The application required the high data throughput of the PCI Express bus. Using the x4 PCI Express interface of the PXI Express modules, the team can sustain data throughput over 700 MB/s. However, they also use the PCI Express architecture to achieve point-to-point communication between different instruments connected to the bus over direct DMA, without having to send data through the host processor or memory. Specifically, they stream data between NI FlexRIO FPGA modules without going through the host PC, which was a requirement to be able to achieve real-time imaging. While this is normally a complex development task, they used the NI peer-to-peer (P2P) streaming API to connect multiple FPGAs in the system without worrying about the low-level implementation. Instead, they focused their expertise on the FPGA algorithms that determine the imaging performance of the system.
Using P2P streaming, the team streams the preprocessed data on the NI PXIe-7962R FPGA modules to two NI PXIe-7965R FPGA modules, which are built around the Virtex 5 SX95 FPGA. These FPGAs contain a large number of digital signal processing (DSP) slices to optimize them for signal processing, so they were used for the intense fast Fourier transform (FFT) processing. To achieve 3D imaging capabilities, the two FPGAs in the system computed more than 700,000 512-point FFTs every second.
Using LabVIEW to integrate and control the different parts of the system, the team transferred data over a high-speed MXI-Express fiber-optic interface from the PXI system to a quad-core Dell Precision T7500 PC with an NVIDIA Quadro FX 3800 Graphics Processing Unit (GPU) to perform real-time 3D rendering and display. Because their goal was to achieve a 12 volume/s volume rate, they needed an overall data rate back to the PC of a little more than 500 MB/s. They also needed to log data for extended time periods for applicability to group screening tests for cancer. While the architecture does not limit the image acquisition time, they enabled logging of up to 100 minutes on the prototype system by storing data to the NI HDD-8264 RAID system, which provided 3 TB of hard drive space.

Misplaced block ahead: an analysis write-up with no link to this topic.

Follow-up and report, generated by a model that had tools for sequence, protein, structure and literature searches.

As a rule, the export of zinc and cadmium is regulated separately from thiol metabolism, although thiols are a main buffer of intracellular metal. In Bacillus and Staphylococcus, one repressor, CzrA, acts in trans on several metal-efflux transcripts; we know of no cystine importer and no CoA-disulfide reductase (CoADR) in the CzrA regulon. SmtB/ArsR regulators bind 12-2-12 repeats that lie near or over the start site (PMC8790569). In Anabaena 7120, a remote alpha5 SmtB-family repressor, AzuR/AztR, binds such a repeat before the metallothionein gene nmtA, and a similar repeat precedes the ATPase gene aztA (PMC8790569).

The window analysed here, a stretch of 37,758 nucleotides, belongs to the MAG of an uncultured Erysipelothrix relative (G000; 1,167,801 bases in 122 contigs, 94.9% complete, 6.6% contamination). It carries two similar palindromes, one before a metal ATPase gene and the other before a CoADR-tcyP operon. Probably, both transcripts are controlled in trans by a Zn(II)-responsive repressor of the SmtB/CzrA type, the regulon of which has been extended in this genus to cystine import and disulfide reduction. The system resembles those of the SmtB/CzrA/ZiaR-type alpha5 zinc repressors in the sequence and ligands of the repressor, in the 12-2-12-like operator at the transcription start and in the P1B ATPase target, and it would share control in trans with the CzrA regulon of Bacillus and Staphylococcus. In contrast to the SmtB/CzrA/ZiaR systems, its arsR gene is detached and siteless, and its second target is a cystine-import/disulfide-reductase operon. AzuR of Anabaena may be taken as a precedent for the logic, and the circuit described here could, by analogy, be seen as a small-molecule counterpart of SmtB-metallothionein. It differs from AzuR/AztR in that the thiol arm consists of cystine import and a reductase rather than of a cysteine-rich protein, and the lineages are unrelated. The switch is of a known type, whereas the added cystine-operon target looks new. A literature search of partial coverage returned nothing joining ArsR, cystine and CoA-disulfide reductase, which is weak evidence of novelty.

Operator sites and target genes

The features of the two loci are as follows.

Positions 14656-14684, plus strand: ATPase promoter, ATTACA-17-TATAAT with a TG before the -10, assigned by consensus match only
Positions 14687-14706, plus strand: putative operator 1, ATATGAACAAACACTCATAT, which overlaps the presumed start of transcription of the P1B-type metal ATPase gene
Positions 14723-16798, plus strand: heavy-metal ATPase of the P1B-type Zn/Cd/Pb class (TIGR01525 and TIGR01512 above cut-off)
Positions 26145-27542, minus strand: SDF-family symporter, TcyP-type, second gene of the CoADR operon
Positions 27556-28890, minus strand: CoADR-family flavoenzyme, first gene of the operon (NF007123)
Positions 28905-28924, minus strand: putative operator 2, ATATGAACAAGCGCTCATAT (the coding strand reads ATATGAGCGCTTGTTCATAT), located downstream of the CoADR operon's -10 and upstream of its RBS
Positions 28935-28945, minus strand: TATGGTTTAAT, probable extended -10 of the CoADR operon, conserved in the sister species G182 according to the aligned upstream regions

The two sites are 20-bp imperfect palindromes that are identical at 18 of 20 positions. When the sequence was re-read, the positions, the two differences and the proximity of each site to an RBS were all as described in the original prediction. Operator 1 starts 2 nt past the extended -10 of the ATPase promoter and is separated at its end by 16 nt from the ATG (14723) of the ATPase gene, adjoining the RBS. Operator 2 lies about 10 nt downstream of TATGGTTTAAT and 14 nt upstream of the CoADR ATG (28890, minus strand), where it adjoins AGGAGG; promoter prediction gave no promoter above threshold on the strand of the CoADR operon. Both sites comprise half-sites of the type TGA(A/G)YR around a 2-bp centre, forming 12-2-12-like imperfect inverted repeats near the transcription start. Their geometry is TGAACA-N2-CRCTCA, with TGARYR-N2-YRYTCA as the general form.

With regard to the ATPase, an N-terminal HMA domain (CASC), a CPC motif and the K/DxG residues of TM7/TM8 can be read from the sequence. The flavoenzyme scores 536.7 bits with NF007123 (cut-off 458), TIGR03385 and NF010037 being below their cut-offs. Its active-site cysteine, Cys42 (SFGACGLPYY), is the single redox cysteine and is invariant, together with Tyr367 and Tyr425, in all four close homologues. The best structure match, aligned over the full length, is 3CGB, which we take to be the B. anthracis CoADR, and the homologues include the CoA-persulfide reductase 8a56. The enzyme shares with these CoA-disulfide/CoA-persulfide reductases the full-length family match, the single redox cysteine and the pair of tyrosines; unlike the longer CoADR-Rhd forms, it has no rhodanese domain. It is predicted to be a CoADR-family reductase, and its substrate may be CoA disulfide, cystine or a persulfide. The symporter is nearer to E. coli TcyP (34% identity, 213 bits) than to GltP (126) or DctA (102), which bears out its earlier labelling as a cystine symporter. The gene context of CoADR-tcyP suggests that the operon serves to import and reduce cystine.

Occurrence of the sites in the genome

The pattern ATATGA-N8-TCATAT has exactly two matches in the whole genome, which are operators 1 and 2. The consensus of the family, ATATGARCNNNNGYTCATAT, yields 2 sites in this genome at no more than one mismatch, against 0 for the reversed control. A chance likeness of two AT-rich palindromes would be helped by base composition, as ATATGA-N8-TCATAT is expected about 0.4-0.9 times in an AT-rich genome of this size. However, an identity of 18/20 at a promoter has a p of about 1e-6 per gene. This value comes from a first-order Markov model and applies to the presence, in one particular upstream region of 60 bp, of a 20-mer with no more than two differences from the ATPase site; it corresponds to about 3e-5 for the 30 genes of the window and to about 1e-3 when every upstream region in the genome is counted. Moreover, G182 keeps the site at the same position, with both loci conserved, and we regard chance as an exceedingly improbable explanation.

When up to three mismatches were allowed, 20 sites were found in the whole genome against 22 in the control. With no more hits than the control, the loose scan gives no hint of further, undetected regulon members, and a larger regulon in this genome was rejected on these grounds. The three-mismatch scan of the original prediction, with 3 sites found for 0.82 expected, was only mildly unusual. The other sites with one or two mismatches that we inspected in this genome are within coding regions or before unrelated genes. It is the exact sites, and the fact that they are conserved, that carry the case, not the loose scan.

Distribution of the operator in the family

A photograph of the system is shown in the figure below. The left-hand rack contains the bank of photoreceivers and the right-hand rack is the data acquisition system. The two PXI chassis are in the center of the rack, while signal breakout boxes are above and below. The DELL PC is on the floor at the bottom left.
Figure 2. Photograph of the data acquisition system
Overall, the team designed the system with three different real-time display modes: (a) continuous display of rendered 3D images, (b) continuous 2D cross-sectional frame scanning in a 3D cube along each of the axes, and (c) continuous display of all acquired B-scan images.
The figure below shows an example of a continuously rendered 3D display. The sample is showing the skin of a human finger. The rendered images are continuously refreshed and the viewing direction can be changed arbitrarily in real time. The first image shows the finger print pattern clearly while the second shows the sweat glands. Using this system it is possible to observe the sweat glands changing in real time.
Figure 3. Real-time rendered 3D images of finger skin
showing the fingerprint (top) and the sweat glands (bottom).
Conclusion Overall, the team leveraged the flexibility and scalability of the PXI platform and NI FlexRIO to develop the world’s first real-time 3D OCT imaging system. They used LabVIEW to program, integrate, and control the different parts of the system, combining high-channel-count acquisition with FPGA and GPU processing for real-time computation, rendering, and display.
Using FPGA-based processing enabled by NI FlexRIO, they computed more than 700,000 512-point FFTs every second to achieve 3D imaging, while maintaining high channel density for the 320-channel system. They used high-throughput data transfers over PCI Express, accurate timing and synchronization of multiple modules, and “peer-to-peer data streams” to transfer data directly between FPGA modules without going to the host. They were also able to maintain a high-throughput connection between the I/O and the GPU processing in the host PC, as well as to integrate RAID hardware for extended image data logging.